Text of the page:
Why should a real estate agent learn about 1031 exchanges? The most immediate reason is that you can put yourself in a position to suggest an investment strategy that is of immediate financial benefit to your customer. And of course, happy customers lead to more referrals. Also, you can potentially double your commissions by increasing the chance of your customer purchasing a replacement property and securing the commission on that purchase.


You should recommend considering a 1031 exchange whenever the seller does not live in the property. Small investors often overlook the possibility of a 1031 exchange because they assume that 1031 exchanges are limited to substantial commercial properties. Most exchanges, however, involve the sale of residential investment properties selling for less than $300,000.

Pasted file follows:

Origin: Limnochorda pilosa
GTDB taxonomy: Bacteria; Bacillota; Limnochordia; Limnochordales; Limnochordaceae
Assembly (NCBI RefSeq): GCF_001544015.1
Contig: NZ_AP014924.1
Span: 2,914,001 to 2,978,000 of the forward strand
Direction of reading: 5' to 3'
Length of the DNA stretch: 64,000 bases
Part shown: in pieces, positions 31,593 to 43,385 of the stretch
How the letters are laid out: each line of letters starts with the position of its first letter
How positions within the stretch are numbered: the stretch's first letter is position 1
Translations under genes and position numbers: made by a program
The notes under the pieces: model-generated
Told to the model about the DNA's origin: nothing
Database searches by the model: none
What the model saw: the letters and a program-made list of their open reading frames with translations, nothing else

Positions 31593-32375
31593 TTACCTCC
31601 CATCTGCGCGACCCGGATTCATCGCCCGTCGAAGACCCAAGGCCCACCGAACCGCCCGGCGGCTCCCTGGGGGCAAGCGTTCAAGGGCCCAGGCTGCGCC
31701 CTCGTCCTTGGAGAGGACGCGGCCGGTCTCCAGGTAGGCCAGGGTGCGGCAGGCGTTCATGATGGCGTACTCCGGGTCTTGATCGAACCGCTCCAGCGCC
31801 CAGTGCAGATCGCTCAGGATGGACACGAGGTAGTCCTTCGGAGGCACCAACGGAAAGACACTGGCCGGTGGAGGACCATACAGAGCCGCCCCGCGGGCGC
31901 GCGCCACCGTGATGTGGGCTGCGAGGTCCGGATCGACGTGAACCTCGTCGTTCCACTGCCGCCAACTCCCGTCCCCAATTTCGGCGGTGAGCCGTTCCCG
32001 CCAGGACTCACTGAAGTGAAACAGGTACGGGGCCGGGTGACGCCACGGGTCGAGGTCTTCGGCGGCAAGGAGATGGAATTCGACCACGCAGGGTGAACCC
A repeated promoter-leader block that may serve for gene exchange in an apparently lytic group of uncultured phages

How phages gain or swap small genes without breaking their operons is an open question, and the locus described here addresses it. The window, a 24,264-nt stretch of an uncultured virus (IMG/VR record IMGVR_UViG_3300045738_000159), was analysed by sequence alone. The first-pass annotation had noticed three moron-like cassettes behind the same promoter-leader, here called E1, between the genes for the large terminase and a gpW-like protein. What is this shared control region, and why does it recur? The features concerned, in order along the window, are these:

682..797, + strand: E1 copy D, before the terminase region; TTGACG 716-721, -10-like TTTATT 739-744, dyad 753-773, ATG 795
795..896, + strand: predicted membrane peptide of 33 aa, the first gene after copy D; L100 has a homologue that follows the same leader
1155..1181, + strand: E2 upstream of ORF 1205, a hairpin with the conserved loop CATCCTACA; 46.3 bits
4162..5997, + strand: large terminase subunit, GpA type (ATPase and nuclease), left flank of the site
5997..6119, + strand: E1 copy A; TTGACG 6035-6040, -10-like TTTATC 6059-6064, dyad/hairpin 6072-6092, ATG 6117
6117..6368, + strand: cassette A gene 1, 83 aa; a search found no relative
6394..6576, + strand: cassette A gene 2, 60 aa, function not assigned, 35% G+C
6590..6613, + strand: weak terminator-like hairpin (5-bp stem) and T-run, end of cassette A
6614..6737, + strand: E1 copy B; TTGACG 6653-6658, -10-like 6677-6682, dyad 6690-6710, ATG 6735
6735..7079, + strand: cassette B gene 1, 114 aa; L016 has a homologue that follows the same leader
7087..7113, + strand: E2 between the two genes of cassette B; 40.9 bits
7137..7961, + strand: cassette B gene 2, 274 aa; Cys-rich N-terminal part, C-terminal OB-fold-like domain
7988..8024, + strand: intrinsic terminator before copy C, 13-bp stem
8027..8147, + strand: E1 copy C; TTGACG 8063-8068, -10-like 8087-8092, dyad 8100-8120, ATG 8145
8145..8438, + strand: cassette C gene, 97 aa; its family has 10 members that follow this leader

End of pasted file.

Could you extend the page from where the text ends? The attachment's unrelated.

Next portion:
A 1031 exchange has to be set up before the closing of the relinquished property. Once the closing has occurred, your customer has missed the opportunity to do a 1031 exchange.

The best time to recommend a 1031 exchange is when you take the listing.




Most exchanges are conducted as “deferred exchanges,” where the relinquished property is sold to one party and the replacement property is subsequently purchased from another party. This requires that the taxpayer employ the services of a qualified intermediary, who must be disinterested in the transaction (this normally disqualifies the taxpayer’s attorney, accountant or real estate agent). The qualified intermediary prepares certain documentation necessary for the exchange transaction and holds the exchange proceeds from the time the relinquished property is sold until a replacement property is purchased. First American handles like-kind exchanges from its Hartford, Connecticut office through its affiliate, First American Exchange Company, LLC, which acts as a 1031 qualified intermediary.